But boy, things have certainly changed since then. The concept of fake news is now on everybody’s lips. Unfortunately this change hasn’t made people any better at distinguishing between fact and opinion. They say that the first step in solving any problem is recognising there is one, so why does it feel like we’ve taken two steps backwards instead?

No quality (control)

For more than a hundred years we have had journalists and editors to do quality control of stories that enter the public sphere. They have checked facts and figures and presented us with their findings. Whenever they failed to fact check their stories properly, someone else usually found out and loudly lambasted them for their mistakes. This has created an unconscious belief that anything published in papers, radio or TV must be true.

Now these ingrained beliefs have been shaken to the core. In a world that’s being taken over by social media, this element of journalistic quality control has suddenly been removed. Anybody can publish a story and once it’s out there being posted and re-posted around the world; suddenly nobody knows where it originated. If you repeat something enough times, people are bound to believe it. In other words – If it has gone viral, it must be true right?

We have indeed entered a post-truth era, so much so that if a polititician doesn’t like the facts he or she is presented with, they cry fake news and paint themselves as a victim of nefarious forces trying to stop their message, and voila – problem solved!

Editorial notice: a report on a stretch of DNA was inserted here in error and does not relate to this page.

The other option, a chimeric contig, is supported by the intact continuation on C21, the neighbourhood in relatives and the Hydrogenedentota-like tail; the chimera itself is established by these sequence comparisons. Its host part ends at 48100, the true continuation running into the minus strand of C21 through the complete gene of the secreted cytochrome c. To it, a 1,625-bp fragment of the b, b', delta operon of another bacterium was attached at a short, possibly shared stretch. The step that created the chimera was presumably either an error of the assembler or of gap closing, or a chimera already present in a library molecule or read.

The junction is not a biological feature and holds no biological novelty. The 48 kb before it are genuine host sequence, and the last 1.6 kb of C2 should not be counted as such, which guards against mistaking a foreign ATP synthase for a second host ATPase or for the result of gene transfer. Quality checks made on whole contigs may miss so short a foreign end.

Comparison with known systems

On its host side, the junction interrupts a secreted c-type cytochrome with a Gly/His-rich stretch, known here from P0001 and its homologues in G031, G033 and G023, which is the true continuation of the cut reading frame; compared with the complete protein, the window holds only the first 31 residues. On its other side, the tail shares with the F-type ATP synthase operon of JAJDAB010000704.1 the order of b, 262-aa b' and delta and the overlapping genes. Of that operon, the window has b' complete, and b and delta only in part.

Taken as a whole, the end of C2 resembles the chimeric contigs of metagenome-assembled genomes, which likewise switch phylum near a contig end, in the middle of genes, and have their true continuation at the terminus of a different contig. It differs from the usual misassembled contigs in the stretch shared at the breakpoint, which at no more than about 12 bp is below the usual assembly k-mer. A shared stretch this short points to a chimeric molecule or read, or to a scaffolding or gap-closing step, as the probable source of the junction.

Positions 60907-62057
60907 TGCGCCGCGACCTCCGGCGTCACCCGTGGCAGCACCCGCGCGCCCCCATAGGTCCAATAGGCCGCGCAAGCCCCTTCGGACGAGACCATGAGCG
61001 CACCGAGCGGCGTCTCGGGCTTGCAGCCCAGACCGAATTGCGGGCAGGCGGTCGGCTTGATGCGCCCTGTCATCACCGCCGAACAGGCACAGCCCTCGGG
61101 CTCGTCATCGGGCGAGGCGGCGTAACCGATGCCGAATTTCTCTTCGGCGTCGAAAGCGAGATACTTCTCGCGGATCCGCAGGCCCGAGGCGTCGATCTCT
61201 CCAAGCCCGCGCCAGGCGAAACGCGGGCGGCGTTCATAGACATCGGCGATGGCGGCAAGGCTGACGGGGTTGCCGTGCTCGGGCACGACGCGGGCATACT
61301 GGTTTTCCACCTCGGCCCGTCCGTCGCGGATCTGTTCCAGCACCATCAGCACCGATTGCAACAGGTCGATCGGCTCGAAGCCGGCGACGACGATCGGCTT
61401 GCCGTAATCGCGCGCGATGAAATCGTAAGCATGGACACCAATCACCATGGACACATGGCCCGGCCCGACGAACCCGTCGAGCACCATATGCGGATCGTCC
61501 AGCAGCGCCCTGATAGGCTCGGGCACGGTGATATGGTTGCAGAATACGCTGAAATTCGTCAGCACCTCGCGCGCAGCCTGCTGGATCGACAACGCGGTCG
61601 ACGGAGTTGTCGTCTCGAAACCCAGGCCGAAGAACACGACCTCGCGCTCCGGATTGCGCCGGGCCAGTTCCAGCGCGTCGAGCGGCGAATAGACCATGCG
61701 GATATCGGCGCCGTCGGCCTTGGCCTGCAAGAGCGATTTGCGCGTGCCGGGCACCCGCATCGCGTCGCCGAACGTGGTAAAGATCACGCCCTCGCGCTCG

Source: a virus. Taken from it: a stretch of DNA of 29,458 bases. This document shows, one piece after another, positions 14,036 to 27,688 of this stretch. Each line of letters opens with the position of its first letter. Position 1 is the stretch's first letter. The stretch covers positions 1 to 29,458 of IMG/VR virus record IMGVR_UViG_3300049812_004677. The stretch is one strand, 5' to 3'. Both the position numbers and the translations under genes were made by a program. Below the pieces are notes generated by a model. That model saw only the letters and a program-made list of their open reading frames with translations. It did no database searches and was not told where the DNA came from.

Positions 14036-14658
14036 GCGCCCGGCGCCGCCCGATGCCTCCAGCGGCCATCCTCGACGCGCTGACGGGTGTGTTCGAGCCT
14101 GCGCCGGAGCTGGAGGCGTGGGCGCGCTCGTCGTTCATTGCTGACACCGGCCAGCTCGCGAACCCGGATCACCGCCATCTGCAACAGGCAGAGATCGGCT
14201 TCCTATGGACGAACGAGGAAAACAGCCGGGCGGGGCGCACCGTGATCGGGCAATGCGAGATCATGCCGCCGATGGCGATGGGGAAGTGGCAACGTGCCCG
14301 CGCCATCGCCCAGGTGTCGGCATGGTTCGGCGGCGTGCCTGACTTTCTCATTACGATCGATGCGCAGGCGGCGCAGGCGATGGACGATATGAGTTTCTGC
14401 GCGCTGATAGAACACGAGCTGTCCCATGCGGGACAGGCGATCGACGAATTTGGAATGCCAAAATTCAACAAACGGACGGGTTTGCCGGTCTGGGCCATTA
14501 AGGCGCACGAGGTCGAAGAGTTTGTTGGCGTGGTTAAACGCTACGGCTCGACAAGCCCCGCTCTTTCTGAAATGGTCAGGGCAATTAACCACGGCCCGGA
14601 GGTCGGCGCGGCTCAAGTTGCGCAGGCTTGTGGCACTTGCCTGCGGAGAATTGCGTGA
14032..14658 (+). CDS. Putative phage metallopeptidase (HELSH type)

Traditional media is struggling. Not many want to pay for something the can get for free online. So they end up with two choices. One, they can follow the tabloids and online media into sensationalism and misleading headlines. Two, they can stay true to the code and “seek the truth and report it”. The latter option is a lot more troublesome, it requires research, hard work and time; and the benefits might not be immediate or financial. That is why so many, even those branding themselves as serious media, is treading a slippery slope and focusing on content that can bring in immediate advertising revenue.

Hat’s off

In other words, it is getting increasingly harder, even for well-educated and well-read people to figure out what is up and down, and knowing where to go for reliable information. When we are constantly bombarded with new information, there’s no time to critically assess and contemplate what we see and hear. More than ever we need media that we can trust to tell us the truth; not to spin it in a way which only serves to make money.

However, I’m determined to see light at the end of the tunnel, and I do think there’s hope yet. In my current job within financial services, I’ve met many passionate and hardworking money journalists, dedicated to helping people and enable them to make informed decisions by seeking the truth and reporting it. I tip my hat to you and wish you luck in your battle with trolls and click-bait purveyors.